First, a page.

The Politics of Collaboration European Currents

I recently attended the The Politics of Collaboration European Currents research event at Middlesex University. The event was hosted by Dr. Noyale Colin and Dr. Stefanie Sachsenmaier whose interest in collaboration with relation to current European dynamics. Key speakers included Rudi Laermans, Gigi Argyropoulou, and Bojana Cvejic with performances by Dog Kennel Hill Project, Alice Chauchat and Angela Woodhouse.

I was drawn to attending as my projects have always been collaborative within dance across genres of architecture with Punt.Point and visual arts and urban design with BEING PEDESTRIAN.  I was particularly interested in how the event would make connections between collaboration and, as stated, “current European dynamics”. Below I will highlight a few key points made that I took with me and thoughts on how such meetings might engage strategies of collaboration that intervene in the expected format of conferences, symposia and meetings.

Some key points for me include the opening welcome mention of the “soft side” of collaboration, the places where we negotiate relations and future prospects of our collaborative experiments. Rudi’s talk Collaboration’s Liminality: Promises and Pitfalls of ‘the Collaboratory” enlightened my thinking around current interests in utopian ideals around collaboration and non-hierarchical structures by stating that collaboration cannot, today, have the same approach or success in our neoliberal economies that value liquidation and flexible articulation then they did in the 1960s/early 1970s, a period we often look to for models of collaboration. He spoke about co-laboring and potentiality in the push to make something in a collaboration. The provocation for collaboration to experiment with new forms of governing and self governance and to embrace that we do not know what we are capable of both point, for me, to a future wherein we move beyond usual modes of being together, of expectation and limitations in collaboration as we know it today. What then, might future collaborations look like? Although I missed Bojana’s talk Radicalizing a condition into a practice: Transidiviuality she may have some suggestions. I have read her article In States of Transindivuality (published in STATE STATE STATE ed. Ingri Migdal Fiksdal and Jonas Corell Petersen, Oslo: Samizdat, 2016) where she refers to a more current thinking and another understanding of collectivity. She claims that,”[…] we are not condemned to the binary opposition between the individual and the society, to a choice between individualism and holism (organicism). In fact, they constitute reciprocal parts, or rather dimensions of a systematic unity.” (page 4). I am curious about the potential for reciprocity and new forms of collaboration in new times. In my own interest and seeking out of alternative structures for making I am often at a pause for how to proceed, to move forward in new ways that are not mirroring old models of directorship, collaboration and collective practices that ask for a removal of the self. Perhaps there is somethign to be further mined in Sharon Smith stating (in her Skyped in discussion from Berlin at the event), “We (Gobsquad) are not interested in community. We just work together”.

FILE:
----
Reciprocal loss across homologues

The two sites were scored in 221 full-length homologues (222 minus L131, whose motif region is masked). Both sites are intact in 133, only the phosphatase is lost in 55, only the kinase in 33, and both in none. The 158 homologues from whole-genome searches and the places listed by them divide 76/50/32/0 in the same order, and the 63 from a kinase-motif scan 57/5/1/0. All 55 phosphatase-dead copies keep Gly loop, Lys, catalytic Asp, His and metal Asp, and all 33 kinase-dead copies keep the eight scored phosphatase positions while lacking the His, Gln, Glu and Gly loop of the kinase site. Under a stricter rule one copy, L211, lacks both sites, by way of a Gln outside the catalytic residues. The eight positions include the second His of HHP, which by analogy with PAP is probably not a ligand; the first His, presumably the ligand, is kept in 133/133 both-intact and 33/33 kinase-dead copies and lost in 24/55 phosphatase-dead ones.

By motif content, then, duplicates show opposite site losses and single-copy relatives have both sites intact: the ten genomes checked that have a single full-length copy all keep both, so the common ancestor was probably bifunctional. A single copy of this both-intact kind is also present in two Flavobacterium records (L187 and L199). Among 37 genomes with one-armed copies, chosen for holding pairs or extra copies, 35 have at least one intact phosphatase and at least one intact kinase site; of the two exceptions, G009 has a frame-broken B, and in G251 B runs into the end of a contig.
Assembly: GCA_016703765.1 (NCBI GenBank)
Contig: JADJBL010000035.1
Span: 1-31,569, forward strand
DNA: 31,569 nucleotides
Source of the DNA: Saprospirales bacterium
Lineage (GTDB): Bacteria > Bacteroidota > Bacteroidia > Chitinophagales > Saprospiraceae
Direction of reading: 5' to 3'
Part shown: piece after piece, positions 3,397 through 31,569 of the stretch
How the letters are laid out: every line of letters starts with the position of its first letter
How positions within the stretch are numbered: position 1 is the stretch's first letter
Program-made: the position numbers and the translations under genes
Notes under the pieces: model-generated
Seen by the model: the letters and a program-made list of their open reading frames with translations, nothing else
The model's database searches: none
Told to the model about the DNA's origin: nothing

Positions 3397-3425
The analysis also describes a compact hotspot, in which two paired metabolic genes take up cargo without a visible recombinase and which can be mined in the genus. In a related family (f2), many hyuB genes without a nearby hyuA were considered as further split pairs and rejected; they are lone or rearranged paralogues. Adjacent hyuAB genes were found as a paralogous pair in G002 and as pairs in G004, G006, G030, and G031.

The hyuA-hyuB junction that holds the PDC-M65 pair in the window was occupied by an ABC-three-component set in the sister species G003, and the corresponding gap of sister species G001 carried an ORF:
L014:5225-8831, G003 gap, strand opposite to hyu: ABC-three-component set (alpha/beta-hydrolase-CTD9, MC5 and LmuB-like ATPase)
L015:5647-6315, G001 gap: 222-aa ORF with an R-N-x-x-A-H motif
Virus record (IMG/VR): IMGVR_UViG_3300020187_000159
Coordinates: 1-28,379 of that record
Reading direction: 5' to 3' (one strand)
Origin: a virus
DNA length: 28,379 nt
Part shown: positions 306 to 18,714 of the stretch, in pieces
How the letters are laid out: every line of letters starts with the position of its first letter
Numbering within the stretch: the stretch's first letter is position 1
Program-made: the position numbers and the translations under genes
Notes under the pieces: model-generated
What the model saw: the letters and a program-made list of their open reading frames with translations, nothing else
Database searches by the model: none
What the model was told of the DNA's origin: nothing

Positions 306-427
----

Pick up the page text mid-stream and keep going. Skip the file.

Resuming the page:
I wonder, both in yesterday’s event structure and future ones, where there might be explored modes of working together within individual and collaborative desires. Could the event addresses collaboration and questions notions of authorship in the curiosity between “we” and “I” prompt new strategies of being together? By mid-day I felt that the event structure that mimicked traditional conference structures of speakers on one side, audience on the other; of individual artists and collectives speaking, mainly, to their own agendas leaves a feeling of isolation with only some suggestions of cross-over desires, interests and collective thinking. To achieve that in such formats very, very skilled moderators need to be engaged who can make links and bridges between such individual approaches and talks. In that way, too, we might have reached- through collaboration-more connections to the promised link to current European dynamics. There was a lot of debate on if Berlin is the place to be or not for artists but, that alone, is not fulfilling a much more urgent need of how do we work together across such cities? And, especially here in the UK, how do we collaborate with our European colleagues in the current split of identities and political agendas. I look forward to more opportunities for thought.


Photo: Punt.Point (Wookey & Tang) at vanAbbe Museum, NL by architect and collaborator Rennie Tang



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